Monday, February 13, 2012

Bigger Fish To Fry

Looks like the current police tolerance for speeding over 4kmph above the limit won't become a permanent thing.
These stricter conditions will stay until the end of this month, then be reserved for holiday periods.
But no matter how diligent you are at monitoring your speed, you may still be breaking the law without boils down to the wrong-sized tyres on your car.
It's all to do with the revolution of the tyre affecting the speedo. Y'see, the speedometer is not some hi-tech analytical contraption detecting the passage of your modus transportus past a given point by measuring air particle movement via quantum physics! If your car is wearing large tyres, they're taking longer to go around, therefore the speedo does not register correctly and it simply counts the number of tyre revolutions. A 5% increase/decrease in the height of tyres can alter your speedo reading by 5kmph...just enough to make you a borderline lawbreaker.
The Automobile Association’s Mike Noon says speedos are so unreliable, it would rather see the road safety focus go on improving roads rather than improving revenue: "We've called for $150-million to improve simple road safety initiatives. If we do that for ten years we will save eight lives a year, every year."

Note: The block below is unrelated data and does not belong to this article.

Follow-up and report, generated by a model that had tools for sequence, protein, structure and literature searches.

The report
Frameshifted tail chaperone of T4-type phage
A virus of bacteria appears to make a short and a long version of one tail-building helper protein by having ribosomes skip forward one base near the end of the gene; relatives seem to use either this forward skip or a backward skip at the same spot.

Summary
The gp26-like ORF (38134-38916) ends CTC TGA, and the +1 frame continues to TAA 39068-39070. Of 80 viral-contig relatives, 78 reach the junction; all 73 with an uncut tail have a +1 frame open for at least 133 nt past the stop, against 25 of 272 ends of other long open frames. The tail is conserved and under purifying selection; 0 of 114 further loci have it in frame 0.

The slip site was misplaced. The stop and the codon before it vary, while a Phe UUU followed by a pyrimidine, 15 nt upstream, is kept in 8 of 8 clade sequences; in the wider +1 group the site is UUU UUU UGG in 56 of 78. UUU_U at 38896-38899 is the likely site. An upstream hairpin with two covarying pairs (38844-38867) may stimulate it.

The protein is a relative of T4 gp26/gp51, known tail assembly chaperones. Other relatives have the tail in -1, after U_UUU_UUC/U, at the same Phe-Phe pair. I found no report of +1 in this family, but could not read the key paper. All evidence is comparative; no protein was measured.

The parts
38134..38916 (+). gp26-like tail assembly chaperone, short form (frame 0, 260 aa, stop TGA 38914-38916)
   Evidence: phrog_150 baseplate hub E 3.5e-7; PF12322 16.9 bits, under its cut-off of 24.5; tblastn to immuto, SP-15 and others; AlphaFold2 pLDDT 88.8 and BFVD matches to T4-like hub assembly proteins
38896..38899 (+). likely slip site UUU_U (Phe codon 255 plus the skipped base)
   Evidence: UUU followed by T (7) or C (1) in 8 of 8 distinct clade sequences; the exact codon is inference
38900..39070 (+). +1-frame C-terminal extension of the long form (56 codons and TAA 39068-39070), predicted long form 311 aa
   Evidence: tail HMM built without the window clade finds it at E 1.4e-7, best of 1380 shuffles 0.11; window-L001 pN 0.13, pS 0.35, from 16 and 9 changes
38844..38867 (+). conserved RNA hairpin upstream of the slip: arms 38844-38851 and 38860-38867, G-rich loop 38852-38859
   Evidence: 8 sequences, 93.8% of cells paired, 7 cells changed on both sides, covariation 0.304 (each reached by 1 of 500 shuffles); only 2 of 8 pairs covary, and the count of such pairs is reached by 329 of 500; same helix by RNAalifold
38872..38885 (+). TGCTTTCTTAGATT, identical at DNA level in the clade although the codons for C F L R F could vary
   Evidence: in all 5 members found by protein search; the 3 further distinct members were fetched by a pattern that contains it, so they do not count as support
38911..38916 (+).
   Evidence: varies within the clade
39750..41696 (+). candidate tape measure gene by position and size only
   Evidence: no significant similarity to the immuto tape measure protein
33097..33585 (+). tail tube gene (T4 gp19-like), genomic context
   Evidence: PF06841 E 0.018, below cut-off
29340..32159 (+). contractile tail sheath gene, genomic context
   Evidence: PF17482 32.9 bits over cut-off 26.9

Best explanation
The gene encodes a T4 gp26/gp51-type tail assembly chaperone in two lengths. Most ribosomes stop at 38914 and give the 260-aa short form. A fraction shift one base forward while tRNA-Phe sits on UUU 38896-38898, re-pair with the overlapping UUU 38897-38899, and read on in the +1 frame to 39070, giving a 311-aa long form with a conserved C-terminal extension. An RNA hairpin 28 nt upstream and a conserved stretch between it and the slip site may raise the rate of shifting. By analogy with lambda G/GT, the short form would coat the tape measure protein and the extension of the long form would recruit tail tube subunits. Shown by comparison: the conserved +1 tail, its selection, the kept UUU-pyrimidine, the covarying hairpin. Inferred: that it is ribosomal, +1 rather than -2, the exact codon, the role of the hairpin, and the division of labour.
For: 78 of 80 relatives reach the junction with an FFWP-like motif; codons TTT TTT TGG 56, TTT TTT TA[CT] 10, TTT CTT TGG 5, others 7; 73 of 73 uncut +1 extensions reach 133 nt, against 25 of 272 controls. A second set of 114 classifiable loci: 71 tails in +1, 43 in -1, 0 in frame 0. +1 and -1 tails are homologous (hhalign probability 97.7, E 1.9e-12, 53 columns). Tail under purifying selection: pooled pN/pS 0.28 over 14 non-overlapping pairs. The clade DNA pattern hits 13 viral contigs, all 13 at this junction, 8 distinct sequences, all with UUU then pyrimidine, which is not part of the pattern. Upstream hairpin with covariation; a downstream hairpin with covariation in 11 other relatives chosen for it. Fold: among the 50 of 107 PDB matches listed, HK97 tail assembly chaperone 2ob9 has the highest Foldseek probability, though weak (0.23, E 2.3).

Police say the current speed tolerance reduction applies for February and public holidays only: "There is no consideration of making this a permanent reduced tolerance."
Motoring writer Clive Matthew-Wilson says the police are very quick to take credit when the road toll lowers over a holiday period: "But when it went up by 50% over Christmas they blamed the drivers. They can’t have it both ways. If this sort of enforcement works, the road toll would go down and stay down...but it didn’t." Maybe police have realised that a large proportion of law-abiding motorists do exceed that 4kmph margin inadvertently, but that chasing every one of them with prosecutions or fines simply bogs down the system, when they have much bigger jobs on their plate...
This should not be seen as a victory for those whoexceed limits to a marked degree (perhaps hit them even harder than now?) but simply sensible enforcement.
Of course, the big question is: how much is too much?

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